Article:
Corn planting has been delayed in Illinois and much of the Midwest because of a week of rainy weather.
The U.S. Department of Agriculture said today that Illinois farmers have planted 10 percent of of their anticipated 12.8 million-acre crop. Corn planting is only 1 percent more than a week, ago. Normally about 27 percent of the corn crop is planted by now.
The USDA says farmers in Iowa, Indiana and other key corn states are also delayed. Nine percent of the United States corn crop has been planted. Normally about 25 percent of the corn crop is planted by late April.
With prices high, United States farmers are expected to plant a huge 92.2 million acres of corn this year. Corn prices – which usually means the price of corn futures – are closely tied to energy prices, because corn is used to make ethanol, a component of some gasoline mixtures.
Rain is forecast in most of the region for the west of the week.
“Air Tractor” Crop dusting cornfields south of Prophetstown, Illinois by Frank’s cropdusting service out of Fenton, Illinois.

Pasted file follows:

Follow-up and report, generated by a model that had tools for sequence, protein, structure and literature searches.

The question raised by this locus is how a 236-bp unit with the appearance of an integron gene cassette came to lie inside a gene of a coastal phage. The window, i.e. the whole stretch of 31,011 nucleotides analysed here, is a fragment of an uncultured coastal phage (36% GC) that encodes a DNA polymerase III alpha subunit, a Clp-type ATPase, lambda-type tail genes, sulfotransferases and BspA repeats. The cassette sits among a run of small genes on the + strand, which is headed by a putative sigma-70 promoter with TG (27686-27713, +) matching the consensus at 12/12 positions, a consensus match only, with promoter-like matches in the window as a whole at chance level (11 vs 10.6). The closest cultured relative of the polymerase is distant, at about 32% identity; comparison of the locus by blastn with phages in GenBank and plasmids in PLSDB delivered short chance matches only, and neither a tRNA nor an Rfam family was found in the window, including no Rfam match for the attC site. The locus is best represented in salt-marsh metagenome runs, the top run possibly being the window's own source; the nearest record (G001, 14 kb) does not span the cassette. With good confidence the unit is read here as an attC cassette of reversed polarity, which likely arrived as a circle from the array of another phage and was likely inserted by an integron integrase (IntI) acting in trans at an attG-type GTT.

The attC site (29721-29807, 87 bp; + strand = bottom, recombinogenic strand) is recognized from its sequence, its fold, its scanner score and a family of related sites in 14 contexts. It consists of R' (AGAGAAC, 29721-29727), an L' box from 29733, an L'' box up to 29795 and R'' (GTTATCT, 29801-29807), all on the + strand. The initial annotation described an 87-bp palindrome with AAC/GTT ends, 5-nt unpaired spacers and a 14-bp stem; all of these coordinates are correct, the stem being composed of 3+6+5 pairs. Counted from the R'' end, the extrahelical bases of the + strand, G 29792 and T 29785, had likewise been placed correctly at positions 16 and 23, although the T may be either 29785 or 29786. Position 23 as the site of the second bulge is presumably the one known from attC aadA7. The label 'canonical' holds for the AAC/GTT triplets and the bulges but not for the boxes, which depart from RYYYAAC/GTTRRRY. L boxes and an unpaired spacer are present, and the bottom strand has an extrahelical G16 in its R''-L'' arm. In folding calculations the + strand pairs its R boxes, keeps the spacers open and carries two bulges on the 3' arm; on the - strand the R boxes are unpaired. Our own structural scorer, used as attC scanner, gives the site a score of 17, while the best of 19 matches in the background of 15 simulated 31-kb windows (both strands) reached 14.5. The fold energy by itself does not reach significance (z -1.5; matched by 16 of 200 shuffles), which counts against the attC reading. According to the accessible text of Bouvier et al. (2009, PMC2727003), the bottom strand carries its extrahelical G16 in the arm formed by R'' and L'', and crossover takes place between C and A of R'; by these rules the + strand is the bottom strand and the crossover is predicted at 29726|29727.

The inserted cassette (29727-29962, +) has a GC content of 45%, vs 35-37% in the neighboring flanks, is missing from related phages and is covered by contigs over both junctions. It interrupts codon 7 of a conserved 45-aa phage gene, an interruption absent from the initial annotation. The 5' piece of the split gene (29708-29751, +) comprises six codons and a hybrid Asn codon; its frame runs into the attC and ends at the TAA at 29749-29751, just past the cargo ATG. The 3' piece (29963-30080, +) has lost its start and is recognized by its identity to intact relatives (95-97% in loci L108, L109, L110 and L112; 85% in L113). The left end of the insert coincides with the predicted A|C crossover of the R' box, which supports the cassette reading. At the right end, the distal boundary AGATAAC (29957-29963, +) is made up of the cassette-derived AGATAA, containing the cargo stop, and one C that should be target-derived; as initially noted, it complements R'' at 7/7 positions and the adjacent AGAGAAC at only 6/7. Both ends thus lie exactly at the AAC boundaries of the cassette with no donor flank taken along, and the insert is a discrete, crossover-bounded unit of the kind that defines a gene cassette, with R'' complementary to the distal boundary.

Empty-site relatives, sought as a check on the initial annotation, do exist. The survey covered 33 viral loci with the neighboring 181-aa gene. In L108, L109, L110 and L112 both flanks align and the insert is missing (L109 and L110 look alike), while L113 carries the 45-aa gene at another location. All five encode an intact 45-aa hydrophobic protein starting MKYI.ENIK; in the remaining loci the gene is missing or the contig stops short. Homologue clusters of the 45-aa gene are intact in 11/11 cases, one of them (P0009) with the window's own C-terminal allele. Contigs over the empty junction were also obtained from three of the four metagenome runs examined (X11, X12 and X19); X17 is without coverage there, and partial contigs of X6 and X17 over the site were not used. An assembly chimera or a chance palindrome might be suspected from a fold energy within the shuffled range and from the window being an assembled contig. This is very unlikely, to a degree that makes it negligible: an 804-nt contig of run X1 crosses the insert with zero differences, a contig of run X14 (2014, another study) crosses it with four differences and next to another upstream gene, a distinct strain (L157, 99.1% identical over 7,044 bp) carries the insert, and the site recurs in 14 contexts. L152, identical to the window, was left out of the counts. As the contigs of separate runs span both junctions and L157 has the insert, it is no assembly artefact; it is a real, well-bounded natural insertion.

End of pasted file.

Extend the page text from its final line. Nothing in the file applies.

In 2009 the United States produced about 310,010, 910 tons of corn — about twice the production of China.
Corn is the most widely produced feed grain (fodder) in the United States, accounting for more than 90 percent of total production. The majority of corn crop is used as livestock feed; the remainder is processed into a multitude of food and industrial products including starch, sweeteners such as high fructose corn syrup, corn oil, and ethanol for use as a fuel. As of Monday, April 25, 2011 corn prices were up 25.25 at 762.50 cents per bushel ($7.62/bushel). Corn prices peaked at around $7.88/bushel in June 2008 after the Iowa floods.
Demand for ethanol is directly related to the ratio between oil and corn prices – how much ethanol can be sold for (essentially the price of oil) divided by the cost to acquire corn (corn prices). If this ratio is higher than 90%, manufacturers will earn enough money to cover the cost of building an ethanol plant and to use it, according to the Congressional Budget Office/Congress of the United States. However, governments across the world have implemented subsidies that make it profitable to produce ethanol even when that ratio is below 90%.
5.25 billion bu. – Livestock feed
3.65 billion bu. – Ethanol production
1.85 billion bu. – Exports
943 million bu. – Production of Starch, Corn Oil, Sweeteners (HFCS,etc.)
327 million bu. – Human consumption – grits, corn flower, corn meal, beverage alcohol
See also Congressional Budget Office Paper [PDF] The Impact of Ethanol Use on Food Prices and Greenhouse-Gas Emissions